Chartered Tax Advisers
Old Bishops' College

T: 01992 642024


Smiling businessmen and women

  TAX E-NEWS - November 2016

Welcome to the November monthly tax newsletter.  These newsletters are designed to keep you informed of the latest tax issues.

Please contact us if you need further information on any of the topics covered.

Peter McDaid


Right to work checklist!

If you are taking on a new employee, you need to be aware of the new rules that came in to force on the 12 July 2016 which means that an employer commits an offence if he employs an illegal worker. There is a possible civil penalty of up to £20,000 per employee and if an employer knowingly employs an Illegal worker it will be treated as a criminal offence with up to 5 years imprisonment and/or an unlimited fine for the employer.

If an employer carries out the necessary checks he will have a statutory excuse against liability of the civil penalty. This is only valid if the employer does not knowingly employ an illegal worker.

It is not possible to establish a statutory excuse by outsourcing the checks to a third party such as an independent payroll company.

The necessary checks can be broken down into:
- Obtain original versions of one or more acceptable documents (e.g. passport).
- Check the document's validity in the presence of the holder.
- make and retain a clear copy and record the date the check was made.

The Home Office has produced a checklist document which can be downloaded using the link below:

We strongly suggest that you carry out these checks on all new employees without exception using and retaining the checklist as proof.

Investing for Children

As soon as a child or grandchild is born he/she is a legal person and can hold investments and where relevant can pay tax. He/she is entitled to an annual tax free personal allowance of currently £11,000.

As a parent the first thought might well be to transfer some of your savings in to the child's name to utilise their personal allowance and save tax. Unfortunately, the tax man has thought of that and any investment income derived from assets gifted to a child when the child is under 18 will always be taxed on the parent. If interest arising on these investments is below £100 it is ignored for these purposes and will be treated as the child's income. Grandparents, other relatives, godparents and anyone else do not have this restriction and have complete freedom to transfer or make investments to the child subject to inheritance tax rules.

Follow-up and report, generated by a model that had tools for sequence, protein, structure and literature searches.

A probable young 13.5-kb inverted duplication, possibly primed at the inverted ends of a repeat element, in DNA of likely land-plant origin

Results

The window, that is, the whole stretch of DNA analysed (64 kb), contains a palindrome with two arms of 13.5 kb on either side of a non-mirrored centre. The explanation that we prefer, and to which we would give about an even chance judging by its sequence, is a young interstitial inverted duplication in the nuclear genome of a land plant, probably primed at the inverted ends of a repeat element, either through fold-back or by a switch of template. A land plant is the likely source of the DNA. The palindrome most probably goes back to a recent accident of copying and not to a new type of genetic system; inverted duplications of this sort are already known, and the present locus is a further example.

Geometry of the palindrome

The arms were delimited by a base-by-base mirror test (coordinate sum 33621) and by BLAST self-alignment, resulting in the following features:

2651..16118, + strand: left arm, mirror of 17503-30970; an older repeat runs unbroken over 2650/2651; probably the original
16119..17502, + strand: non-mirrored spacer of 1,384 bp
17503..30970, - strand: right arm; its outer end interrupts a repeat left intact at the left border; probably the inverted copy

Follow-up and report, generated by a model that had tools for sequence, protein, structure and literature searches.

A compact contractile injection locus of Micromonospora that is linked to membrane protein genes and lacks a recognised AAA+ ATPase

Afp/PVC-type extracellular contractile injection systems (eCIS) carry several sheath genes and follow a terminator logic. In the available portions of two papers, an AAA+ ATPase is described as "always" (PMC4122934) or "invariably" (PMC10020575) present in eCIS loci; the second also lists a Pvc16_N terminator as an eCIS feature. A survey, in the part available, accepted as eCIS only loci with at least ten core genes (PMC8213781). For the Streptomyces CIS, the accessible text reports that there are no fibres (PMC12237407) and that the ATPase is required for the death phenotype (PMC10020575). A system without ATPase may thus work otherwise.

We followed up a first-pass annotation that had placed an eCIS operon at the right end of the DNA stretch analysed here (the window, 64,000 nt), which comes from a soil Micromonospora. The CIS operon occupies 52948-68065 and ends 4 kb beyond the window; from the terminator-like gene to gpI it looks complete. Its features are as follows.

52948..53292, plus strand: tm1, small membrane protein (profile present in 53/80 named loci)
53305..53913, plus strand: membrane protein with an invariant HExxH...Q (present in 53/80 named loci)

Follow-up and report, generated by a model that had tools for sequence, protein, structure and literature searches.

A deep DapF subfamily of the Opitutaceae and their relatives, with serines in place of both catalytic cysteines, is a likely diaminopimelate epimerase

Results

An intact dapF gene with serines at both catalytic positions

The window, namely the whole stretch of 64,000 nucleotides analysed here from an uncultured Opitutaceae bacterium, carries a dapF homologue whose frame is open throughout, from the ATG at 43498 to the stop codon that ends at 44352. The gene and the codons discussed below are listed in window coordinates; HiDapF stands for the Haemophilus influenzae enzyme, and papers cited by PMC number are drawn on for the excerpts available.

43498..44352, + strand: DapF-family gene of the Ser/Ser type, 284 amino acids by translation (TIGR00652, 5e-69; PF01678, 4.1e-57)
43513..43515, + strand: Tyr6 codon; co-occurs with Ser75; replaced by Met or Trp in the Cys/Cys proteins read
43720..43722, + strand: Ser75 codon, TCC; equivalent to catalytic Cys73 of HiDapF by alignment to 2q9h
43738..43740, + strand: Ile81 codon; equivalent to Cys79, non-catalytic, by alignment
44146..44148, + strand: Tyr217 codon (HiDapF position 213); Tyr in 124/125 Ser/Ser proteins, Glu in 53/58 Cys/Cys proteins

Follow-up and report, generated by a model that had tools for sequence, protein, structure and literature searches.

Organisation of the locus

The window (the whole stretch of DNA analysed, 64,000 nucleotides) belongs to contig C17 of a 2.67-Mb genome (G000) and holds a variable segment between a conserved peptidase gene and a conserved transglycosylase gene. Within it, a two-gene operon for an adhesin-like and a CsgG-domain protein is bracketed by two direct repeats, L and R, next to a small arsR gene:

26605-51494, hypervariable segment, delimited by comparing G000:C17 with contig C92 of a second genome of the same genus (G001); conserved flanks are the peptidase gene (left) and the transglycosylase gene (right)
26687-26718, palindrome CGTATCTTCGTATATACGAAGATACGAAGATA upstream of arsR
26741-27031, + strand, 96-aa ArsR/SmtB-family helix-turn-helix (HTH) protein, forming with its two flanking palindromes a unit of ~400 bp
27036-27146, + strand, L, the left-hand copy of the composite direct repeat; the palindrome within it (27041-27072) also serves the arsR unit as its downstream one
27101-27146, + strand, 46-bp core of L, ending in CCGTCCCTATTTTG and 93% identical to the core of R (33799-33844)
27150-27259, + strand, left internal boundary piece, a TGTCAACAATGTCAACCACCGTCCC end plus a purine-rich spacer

Given the length of time that investments placed in the name of the child would normally be allowed to grow and mature this could be a very worthwhile exercise in providing for their future. Providing a nest egg to pay for their first car (plus insurance), university fees/costs, funding a gap year, a deposit on their first house and even their pension, by planning ahead a parent could save money in the long term.

The only downside is that unless formal legal settlements (trusts) are used, which can be expensive, when the child reaches 18 they will have immediate access to the funds. A parent or other relative should weigh up the pros and cons of this.

One way of investing for a child is via Junior Individual Savings Accounts (ISAs). A child who is under 18 and living in the UK can on an annual basis have funds (cash or stocks/shares) placed in a Junior ISA up to a current limit of £4,080 p.a. Like normal ISAs these funds grow tax-free inside the ISA wrapper. Once the child reaches 18 all such funds are transferred to the adult ISA scheme and he/she will have immediate access.